Jesus was an Anarchist

W.W.Denslow) who illustrated the first edition of The Wonderful Wizard of Oz, was a Roycrofter.
This week, in honor of Dyngus Day, I’m concentrating on my home town, Buffalo, New York.
On the southern fringes of Buffalo lies the village of East Aurora, which was a center of the turn-of-the-century Arts and Crafts Movement called the Roycroft.
The Roycroft was founded by Elbert Hubbard. After achieving success as traveling salesman for the Larkin Soap Company, he eventually came to the firm’s Buffalo home office, where he was an innovative and successful employee.  A visit to England exposed him to William Morris and the English Arts and Crafts Movement. After returning to Buffalo, he founded a short-run press based on Morris’ ideals. This press was called the Roycroft Press and the movement would eventually take its name.
Hubbard was a self-described anarchist and socialist living in one of America’s capitalist boomtowns. In A Message to Garcia and Thirteen Other Things, Hubbard wrote, “I am an Anarchist. All good men are Anarchists. All cultured, kindly men; all gentlemen; all just men are Anarchists. Jesus was an Anarchist.”
But don’t dismiss that statement as quaint.  The same year that A Message to Garcia was published, President William McKinley was assassinated by anarchist Leon Czolgosz on the other side of Buffalo. Anarchism was a threat to American culture on a par with fundamentalist Islamic terrorism today.
Elbert Hubbard may have described himself as a socialist, but he was clearly a genius at marketing and branding. The double barred cross and circle logo was a logo used by the Roycroft artisans to identify their products. It came to signify the Roycroft movement, used only on authentic Roycroft pieces. Even today it commands a premium.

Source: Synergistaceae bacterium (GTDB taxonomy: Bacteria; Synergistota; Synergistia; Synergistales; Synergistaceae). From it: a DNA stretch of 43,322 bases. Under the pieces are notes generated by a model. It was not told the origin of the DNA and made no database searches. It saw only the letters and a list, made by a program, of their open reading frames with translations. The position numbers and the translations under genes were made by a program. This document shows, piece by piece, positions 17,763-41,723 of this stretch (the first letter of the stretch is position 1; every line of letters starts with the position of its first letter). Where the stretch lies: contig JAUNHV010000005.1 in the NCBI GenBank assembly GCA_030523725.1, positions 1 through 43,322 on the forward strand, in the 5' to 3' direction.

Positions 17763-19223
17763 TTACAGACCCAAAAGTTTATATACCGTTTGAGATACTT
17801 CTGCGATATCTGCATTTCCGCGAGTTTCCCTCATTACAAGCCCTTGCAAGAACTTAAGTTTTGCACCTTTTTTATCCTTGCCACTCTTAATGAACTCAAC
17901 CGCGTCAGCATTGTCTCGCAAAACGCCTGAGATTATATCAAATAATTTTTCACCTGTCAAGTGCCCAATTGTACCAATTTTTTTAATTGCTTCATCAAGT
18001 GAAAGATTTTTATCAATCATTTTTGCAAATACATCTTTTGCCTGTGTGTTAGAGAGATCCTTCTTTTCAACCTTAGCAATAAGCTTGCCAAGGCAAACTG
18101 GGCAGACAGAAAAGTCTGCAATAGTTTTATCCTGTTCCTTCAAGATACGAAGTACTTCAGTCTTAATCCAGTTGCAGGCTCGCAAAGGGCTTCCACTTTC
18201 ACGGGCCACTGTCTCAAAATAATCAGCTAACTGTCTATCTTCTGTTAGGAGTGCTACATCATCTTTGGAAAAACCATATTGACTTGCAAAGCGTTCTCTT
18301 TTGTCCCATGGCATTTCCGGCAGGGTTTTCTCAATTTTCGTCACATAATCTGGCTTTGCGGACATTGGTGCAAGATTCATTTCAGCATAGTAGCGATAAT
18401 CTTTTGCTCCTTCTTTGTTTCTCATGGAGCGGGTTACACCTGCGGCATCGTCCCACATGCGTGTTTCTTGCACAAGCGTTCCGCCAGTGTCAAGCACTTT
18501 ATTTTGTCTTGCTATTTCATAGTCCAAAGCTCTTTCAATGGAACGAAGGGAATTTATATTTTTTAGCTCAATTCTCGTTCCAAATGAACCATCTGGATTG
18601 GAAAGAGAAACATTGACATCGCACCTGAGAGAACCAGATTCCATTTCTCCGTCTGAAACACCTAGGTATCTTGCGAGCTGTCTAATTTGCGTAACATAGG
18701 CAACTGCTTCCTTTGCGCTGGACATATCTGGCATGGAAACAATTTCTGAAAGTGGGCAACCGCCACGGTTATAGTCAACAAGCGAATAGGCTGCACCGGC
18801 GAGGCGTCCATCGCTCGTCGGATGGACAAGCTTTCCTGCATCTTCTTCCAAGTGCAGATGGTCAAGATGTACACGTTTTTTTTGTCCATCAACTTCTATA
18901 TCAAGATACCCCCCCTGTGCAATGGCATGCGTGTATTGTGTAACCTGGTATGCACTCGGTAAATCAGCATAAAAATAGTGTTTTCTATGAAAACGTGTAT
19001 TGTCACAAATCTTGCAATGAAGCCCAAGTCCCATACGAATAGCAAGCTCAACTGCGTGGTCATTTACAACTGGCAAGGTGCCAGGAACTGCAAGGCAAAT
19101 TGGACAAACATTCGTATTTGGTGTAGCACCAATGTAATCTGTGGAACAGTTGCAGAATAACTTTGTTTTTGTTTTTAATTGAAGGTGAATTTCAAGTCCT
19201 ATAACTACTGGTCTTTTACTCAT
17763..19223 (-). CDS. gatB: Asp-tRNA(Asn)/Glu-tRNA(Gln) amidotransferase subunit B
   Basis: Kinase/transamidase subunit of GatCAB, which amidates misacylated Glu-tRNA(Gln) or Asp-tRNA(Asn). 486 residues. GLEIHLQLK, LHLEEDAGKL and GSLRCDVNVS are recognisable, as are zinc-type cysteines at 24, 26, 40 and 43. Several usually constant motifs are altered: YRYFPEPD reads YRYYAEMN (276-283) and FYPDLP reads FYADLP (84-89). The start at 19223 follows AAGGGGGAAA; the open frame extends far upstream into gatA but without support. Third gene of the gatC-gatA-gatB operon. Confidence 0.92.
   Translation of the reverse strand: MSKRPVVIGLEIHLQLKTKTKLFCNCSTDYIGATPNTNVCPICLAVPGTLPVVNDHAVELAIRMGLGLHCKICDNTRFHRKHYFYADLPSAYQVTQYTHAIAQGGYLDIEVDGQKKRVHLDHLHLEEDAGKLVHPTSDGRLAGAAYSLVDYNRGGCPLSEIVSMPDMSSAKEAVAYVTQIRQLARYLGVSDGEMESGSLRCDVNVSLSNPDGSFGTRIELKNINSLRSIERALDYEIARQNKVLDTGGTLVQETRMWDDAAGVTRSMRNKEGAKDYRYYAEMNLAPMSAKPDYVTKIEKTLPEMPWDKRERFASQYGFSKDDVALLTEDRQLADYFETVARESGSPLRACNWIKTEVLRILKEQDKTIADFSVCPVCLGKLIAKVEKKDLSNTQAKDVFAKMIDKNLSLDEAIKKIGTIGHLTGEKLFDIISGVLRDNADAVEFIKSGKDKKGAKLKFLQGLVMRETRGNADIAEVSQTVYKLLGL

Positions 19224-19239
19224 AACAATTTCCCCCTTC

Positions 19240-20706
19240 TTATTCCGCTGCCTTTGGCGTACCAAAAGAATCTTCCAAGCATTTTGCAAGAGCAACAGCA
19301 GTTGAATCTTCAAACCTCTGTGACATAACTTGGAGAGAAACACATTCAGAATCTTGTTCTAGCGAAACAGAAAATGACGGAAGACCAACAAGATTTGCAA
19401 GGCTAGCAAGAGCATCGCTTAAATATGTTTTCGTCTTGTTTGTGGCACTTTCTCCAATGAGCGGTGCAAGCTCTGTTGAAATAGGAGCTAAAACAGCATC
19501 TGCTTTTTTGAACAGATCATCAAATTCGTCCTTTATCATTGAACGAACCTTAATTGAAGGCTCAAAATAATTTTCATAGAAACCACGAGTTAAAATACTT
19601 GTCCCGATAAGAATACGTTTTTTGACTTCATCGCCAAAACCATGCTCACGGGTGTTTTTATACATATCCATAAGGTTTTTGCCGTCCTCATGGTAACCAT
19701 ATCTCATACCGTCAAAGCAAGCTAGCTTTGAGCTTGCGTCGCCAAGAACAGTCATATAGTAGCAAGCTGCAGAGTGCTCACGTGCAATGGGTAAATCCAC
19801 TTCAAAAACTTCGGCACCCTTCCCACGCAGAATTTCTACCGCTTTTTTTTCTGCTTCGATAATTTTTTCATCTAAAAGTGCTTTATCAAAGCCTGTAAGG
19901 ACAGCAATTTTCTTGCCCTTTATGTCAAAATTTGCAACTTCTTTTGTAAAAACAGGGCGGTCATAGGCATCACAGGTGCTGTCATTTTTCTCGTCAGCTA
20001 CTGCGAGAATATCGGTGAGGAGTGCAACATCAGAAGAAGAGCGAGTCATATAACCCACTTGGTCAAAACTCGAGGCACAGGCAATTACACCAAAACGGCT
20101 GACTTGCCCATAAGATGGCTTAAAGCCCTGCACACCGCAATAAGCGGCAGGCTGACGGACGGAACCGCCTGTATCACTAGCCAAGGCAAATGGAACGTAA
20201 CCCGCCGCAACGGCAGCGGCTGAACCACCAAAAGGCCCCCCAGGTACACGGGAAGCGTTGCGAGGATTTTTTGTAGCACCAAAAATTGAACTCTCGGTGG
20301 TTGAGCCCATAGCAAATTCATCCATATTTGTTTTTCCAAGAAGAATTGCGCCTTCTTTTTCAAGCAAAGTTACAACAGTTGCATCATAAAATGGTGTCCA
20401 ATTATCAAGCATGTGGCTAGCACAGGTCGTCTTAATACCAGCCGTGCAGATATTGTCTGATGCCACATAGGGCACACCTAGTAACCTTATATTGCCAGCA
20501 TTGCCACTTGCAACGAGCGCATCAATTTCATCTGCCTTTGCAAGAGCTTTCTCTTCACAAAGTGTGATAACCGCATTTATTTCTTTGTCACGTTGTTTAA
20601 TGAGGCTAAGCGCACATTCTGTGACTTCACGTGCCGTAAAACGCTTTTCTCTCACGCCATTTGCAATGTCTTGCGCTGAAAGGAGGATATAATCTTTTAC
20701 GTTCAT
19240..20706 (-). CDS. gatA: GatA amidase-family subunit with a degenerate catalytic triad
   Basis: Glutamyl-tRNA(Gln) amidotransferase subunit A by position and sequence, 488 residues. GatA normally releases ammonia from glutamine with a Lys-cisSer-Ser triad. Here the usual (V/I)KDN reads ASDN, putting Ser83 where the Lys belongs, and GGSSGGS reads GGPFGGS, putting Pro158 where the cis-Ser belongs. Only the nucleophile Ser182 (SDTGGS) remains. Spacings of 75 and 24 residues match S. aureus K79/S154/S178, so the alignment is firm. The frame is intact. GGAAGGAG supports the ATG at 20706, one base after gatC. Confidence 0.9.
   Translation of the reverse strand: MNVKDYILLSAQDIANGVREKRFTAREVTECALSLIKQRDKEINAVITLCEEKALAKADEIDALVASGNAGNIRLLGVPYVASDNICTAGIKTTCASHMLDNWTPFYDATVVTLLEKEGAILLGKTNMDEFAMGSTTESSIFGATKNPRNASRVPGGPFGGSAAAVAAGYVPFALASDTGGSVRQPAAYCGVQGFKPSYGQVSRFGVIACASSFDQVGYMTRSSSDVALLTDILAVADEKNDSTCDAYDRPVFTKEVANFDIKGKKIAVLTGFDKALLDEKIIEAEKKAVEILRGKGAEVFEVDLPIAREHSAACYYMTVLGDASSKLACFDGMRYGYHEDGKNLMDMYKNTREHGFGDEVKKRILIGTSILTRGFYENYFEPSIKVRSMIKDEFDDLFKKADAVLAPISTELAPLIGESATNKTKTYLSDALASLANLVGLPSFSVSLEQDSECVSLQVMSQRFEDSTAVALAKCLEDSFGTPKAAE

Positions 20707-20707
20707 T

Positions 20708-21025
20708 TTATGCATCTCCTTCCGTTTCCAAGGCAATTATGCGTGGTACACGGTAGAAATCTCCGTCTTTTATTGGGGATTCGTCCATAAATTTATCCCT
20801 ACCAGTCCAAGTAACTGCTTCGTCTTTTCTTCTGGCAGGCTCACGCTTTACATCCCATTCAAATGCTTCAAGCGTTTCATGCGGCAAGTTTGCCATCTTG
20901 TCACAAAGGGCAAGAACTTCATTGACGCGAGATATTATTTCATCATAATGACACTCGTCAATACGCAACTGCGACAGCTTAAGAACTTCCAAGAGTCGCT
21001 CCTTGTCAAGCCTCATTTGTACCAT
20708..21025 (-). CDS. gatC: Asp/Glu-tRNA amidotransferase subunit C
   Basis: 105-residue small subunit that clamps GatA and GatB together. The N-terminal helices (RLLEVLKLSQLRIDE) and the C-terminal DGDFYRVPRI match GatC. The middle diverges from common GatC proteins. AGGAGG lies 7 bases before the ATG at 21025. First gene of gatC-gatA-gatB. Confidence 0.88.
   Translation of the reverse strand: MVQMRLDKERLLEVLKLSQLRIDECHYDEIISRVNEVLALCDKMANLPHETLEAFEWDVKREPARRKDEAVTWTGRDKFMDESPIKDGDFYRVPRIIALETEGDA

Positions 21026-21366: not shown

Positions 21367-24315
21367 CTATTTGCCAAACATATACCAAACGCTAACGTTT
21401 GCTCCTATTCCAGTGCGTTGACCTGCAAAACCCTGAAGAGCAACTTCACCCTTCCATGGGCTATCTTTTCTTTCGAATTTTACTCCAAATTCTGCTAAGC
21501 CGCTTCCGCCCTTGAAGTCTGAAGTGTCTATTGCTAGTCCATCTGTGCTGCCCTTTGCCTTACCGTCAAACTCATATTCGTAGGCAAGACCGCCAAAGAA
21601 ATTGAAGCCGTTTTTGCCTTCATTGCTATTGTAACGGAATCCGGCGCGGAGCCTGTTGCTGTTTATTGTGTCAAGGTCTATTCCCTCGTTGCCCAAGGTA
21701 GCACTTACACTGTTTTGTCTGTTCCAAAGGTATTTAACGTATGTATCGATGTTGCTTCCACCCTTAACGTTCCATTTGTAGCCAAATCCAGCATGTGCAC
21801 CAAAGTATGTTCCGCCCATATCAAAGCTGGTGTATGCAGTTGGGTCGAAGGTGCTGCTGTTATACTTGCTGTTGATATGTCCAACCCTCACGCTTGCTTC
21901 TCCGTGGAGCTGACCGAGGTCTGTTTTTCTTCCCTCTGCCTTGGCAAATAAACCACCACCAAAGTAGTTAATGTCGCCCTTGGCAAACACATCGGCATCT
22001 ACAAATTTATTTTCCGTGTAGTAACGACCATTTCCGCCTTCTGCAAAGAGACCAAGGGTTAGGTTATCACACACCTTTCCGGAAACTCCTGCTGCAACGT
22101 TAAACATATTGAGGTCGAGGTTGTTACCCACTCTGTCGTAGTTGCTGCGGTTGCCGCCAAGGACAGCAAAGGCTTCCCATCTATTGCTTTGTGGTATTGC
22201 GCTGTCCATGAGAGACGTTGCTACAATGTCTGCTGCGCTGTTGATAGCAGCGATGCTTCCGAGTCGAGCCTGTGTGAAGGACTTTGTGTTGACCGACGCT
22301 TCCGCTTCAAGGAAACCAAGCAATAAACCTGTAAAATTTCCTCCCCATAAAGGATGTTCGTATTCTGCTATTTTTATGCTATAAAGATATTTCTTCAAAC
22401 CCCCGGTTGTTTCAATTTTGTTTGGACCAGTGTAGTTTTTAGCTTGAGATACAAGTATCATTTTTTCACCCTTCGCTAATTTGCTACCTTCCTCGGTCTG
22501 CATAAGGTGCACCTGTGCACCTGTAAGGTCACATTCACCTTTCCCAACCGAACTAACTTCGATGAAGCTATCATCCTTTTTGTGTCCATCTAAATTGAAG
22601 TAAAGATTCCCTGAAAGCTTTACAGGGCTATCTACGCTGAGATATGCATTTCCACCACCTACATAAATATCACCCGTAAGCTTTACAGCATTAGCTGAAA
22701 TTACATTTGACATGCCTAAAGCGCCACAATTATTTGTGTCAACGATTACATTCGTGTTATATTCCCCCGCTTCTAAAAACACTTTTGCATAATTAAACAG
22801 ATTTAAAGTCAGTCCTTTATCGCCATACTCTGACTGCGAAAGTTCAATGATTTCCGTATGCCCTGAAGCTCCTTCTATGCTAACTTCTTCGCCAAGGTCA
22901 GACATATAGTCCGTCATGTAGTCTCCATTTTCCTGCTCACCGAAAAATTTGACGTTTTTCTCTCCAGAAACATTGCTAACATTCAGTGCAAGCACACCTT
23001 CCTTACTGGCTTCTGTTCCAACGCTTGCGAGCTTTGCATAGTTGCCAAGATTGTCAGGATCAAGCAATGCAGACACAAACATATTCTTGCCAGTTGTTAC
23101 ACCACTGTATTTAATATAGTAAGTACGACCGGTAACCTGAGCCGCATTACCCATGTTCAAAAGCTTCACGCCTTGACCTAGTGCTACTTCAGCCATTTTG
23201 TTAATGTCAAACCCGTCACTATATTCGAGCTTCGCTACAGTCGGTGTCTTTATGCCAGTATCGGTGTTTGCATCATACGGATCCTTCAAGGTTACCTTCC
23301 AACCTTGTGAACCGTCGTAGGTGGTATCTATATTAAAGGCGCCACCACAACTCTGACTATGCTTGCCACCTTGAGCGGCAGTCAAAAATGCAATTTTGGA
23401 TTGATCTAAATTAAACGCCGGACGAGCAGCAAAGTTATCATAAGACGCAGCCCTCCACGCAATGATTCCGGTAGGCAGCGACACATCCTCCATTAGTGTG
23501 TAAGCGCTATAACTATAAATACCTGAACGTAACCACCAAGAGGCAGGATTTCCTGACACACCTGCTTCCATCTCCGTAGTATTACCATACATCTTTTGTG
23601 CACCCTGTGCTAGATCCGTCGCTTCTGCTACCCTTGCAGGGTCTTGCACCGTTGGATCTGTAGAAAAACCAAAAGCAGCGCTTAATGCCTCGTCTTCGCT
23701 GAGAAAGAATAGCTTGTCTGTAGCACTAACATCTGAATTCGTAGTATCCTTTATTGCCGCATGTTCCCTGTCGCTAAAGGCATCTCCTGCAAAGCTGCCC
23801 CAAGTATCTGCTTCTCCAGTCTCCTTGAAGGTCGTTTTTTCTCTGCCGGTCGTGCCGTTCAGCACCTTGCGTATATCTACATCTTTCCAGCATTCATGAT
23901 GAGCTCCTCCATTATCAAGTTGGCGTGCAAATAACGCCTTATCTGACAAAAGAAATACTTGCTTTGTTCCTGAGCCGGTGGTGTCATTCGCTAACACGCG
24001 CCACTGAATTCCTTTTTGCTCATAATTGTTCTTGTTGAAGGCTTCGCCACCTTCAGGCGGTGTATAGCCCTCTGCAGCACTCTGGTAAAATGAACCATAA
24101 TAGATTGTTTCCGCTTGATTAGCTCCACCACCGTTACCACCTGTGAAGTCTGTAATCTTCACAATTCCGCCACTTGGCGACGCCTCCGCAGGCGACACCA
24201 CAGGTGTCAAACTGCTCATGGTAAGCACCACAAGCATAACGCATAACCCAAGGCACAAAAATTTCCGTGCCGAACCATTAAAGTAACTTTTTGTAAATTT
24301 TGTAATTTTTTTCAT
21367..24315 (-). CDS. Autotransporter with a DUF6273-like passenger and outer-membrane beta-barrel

“I believe John Ruskin, William Morris, Henry Thoreau, Walt Whitman and Leo Tolstoy to be Prophets of God, and they should rank in mental reach and spiritual insight with Elijah, Hosea, Ezekiel, and Isaiah,” Hubbard wrote.
Somehow Hubbard managed to stay on the popular side of outrageous. He was a brilliant promoter. His championing of the Arts and Crafts movement attracted craftspeople to East Aurora, where they formed a community of almost 500 printers, bookbinders, furniture makers, and metalsmiths. Their creed was taken from John Ruskin, and it’s hard to argue with: “A belief in working with the head, hand and heart and mixing enough play with the work so that every task is pleasurable and makes for health and happiness.”
Roycroft was one of several rugged faces used around the turn of the century, when the Arts and Crafts Movement was in vogue. It was inspired by the Saturday Evening Post, and came by its current name when it was adopted by Elbert Hubbard for the Roycroft Press.
Hubbard and his wife were killed in the sinking of the Lusitania in 1915. The movement struggled on under the management of his son, but without Elbert Hubbard’s charisma, it foundered and closed.
The Roycroft Campus consists of fourteen buildings in the center of East Aurora. This complex has National Historic Landmark Status and includes the Elbert Hubbard Roycroft Museum and the Roycroft Inn.

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